What we're about

A Death Cafe Is a gathering of people, often strangers to eat cake, drink tea/coffee and discuss Death

Our objective is "to increase awareness of death with a view to help people make the most of their (finite) lives".

A Death Cafe is a group directed discussion of death with no agenda, objectives or themes. It is a discussion group rather than a grief support or counseling session.

Our Death Cafes are always offered:

On a not for profit basis

Held in an accessible, respectful and confidential space

With no intention of leading people to any conclusion, product or course of action,

💀 Death Cafes are a 'social franchise'. They have spread quickly across Europe, North America and Australasia. As of today, 4492 Death Cafes have been offered in 49 countries since September 2011. It is projected that If 10 people came to each one that would be 44920 participants. Death Cafe's have established that there are people who are keen to talk about death and that many are passionate enough to organize their own Death Cafe. Like what we are doing here. The Death Cafe model was developed by Jon Underwood and Sue Barsky Reid, based on the ideas of Bernard Crettaz. Please feel free to investigate these fine people for more information.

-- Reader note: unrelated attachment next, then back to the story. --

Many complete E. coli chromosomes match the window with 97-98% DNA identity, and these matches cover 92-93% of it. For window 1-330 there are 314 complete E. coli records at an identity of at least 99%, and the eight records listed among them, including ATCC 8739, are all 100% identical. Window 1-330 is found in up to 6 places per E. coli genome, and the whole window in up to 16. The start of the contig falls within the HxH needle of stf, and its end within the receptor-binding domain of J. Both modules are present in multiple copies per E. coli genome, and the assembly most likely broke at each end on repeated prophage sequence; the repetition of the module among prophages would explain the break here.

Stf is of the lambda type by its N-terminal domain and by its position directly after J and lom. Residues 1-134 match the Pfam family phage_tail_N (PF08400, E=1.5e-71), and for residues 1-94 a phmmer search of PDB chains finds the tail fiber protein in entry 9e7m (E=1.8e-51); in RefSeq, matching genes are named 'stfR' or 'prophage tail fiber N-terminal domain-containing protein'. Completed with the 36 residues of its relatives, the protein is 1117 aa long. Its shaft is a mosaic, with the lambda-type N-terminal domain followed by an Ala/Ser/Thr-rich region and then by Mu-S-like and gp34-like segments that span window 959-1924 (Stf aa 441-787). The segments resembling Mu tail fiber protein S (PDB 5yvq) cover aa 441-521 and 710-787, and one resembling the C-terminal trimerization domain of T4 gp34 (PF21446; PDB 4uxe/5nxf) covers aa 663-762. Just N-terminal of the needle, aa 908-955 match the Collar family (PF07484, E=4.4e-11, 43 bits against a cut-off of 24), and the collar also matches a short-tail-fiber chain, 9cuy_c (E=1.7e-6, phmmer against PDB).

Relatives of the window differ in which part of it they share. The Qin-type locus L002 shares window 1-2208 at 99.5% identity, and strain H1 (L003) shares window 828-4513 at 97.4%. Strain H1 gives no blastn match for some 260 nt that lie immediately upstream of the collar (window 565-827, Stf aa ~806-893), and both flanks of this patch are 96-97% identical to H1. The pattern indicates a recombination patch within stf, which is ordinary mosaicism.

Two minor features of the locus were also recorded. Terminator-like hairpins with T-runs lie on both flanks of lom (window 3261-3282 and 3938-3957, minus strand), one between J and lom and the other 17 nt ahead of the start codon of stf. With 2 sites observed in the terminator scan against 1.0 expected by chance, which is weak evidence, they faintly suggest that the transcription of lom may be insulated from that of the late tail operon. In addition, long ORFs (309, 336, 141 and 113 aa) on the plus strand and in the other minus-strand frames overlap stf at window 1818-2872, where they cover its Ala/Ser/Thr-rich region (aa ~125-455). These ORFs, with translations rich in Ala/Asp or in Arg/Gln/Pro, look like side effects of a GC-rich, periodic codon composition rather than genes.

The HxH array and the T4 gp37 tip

Death Cafe has no staff and are run on a voluntary basis by Jon Underwood in Hackney, East London. Also Litzy Miles who ran the first Death Cafe in the U.S. and Megan Monney, who runs the Death Cafe Facebook page have played a significant role in Death Cafe's development.

The continuation of these events are energized by the amazing quality of dialogue that occurs and the overwhelming interest received.

People often ask why we're doing this. Everyone has their own reasons for getting involved in Death Cafe. Let's us see who and why we have come this day.

Upcoming events (5+)

Bangor's Death Cafe

141 N Main St